While a Christ-centered relationship cannot insulate us from those things that stress a marriage, when our students learn to live authentically as believers, they are building a foundation that helps divorce-proof their marriages. Glenn Stanton, writing for Focus on the Family states, "Couples who regularly practice any combination of serious religious behaviors and attitudes – attend church nearly every week, read their Bibles and spiritual materials regularly; pray privately and together; generally take their faith seriously, living not as perfect disciples, but serious disciples – enjoy significantly lower divorce rates than mere church members, the general public and unbelievers." Feldhahn explains that those whose first commitment is to Jesus put fewer unrealistic expectations on their spouses to meet the emotional needs that can only be fully met in relationship with Christ. They have more realistic expectations and more resiliency when the tough times come. Like the house built on the rock (Matthew 7:24-25), they have what it takes to weather storms.

Social science research has also identified signs that indicate a marriage will stand the test. In Time Magazine’s "The Science of Marriage," the qualities that improve the odds of lasting love included:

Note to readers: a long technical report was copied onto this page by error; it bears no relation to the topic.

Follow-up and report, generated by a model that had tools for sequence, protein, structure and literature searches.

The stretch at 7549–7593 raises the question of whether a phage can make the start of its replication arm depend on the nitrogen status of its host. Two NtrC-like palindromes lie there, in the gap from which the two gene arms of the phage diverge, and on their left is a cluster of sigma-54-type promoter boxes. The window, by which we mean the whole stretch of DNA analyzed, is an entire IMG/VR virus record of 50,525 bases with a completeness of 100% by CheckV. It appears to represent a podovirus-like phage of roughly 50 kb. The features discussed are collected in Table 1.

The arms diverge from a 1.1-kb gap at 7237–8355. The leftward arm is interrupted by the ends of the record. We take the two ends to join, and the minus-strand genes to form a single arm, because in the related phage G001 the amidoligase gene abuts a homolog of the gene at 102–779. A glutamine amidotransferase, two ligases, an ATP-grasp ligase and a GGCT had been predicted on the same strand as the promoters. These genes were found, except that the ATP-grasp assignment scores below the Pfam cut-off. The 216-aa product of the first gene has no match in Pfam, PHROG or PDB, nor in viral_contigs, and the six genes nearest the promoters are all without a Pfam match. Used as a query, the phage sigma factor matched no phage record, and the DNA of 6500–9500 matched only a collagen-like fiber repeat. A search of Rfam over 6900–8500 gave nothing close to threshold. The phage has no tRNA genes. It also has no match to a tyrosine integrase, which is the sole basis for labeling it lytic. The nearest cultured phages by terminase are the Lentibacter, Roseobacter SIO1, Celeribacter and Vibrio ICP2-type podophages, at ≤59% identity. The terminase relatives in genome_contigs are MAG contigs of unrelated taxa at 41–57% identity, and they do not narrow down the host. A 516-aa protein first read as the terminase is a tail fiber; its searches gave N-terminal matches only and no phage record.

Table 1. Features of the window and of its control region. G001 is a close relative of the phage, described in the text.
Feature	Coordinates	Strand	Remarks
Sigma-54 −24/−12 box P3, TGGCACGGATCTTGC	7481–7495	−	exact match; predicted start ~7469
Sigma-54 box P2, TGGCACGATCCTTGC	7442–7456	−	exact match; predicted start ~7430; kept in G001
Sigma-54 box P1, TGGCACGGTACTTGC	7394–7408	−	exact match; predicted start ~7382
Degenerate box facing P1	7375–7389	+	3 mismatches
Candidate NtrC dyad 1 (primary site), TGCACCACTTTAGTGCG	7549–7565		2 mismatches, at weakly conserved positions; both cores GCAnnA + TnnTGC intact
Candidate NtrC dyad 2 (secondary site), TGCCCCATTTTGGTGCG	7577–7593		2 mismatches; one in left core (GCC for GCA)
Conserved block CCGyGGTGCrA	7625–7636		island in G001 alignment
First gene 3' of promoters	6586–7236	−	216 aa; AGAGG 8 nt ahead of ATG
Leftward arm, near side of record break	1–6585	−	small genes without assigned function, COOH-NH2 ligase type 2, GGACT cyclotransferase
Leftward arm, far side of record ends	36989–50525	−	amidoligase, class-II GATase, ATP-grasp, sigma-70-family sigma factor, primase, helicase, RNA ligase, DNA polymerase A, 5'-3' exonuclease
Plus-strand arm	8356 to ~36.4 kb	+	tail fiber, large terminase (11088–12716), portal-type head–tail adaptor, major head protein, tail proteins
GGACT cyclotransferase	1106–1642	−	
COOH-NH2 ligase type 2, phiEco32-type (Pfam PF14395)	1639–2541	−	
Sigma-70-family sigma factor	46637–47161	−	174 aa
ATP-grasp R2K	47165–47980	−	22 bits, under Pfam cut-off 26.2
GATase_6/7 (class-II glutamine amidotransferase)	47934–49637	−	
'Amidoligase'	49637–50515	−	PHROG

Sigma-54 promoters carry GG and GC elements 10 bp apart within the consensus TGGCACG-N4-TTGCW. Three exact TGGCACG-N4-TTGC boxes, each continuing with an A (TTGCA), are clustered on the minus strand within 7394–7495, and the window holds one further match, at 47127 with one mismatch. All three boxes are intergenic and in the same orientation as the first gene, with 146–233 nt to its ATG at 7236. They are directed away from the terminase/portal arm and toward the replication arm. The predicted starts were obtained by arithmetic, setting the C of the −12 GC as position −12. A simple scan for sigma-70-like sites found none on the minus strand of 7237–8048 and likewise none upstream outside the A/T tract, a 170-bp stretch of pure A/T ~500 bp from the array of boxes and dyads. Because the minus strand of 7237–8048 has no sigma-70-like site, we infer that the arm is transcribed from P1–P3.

• Responding positively to your partner’s bid for connection (regularly demonstrating that you are listening with “turn towards” behavior, like setting down the phone to make eye contact)
  • Amplifying your partner’s positive statements (showing enthusiasm and joy in your spouse’s happy moments makes them even happier)
  • Building a habit of regular, deep conversation (carving out time for conversations that mirror your early relationship: asking questions, sharing aspirations, and not talking logistics)
  • Making room for each other to have personal time (developing friends and hobbies beyond their relationship)
  • Learning how to fight fair (an absence of defensiveness, contempt, criticism, and stonewalling)
  • Sharing frequent, mutual appreciation (practicing gratitude, recognition, and affirmation)

Not surprisingly, these examples are consistent with biblical standards of love, honor, and encouragement. They are also likely to be the very qualities we want in our own most-important relationships! Whether the relationships our children witnessed in the past influenced them to embrace marriage or test relationships thoroughly, what are they witness to now? After all, if our children choose to marry, the critical factors in their long-term happiness are things we can speak into – or demonstrate – in the meantime. Ultimately, our young adults will make their own choices about when and if to marry, but our influence on their preparation is ongoing. Most importantly, whether your student chooses a solo "me" or joins a "we," learning how to keep Christ at the center builds the skills and resiliency needed for relationships that endure.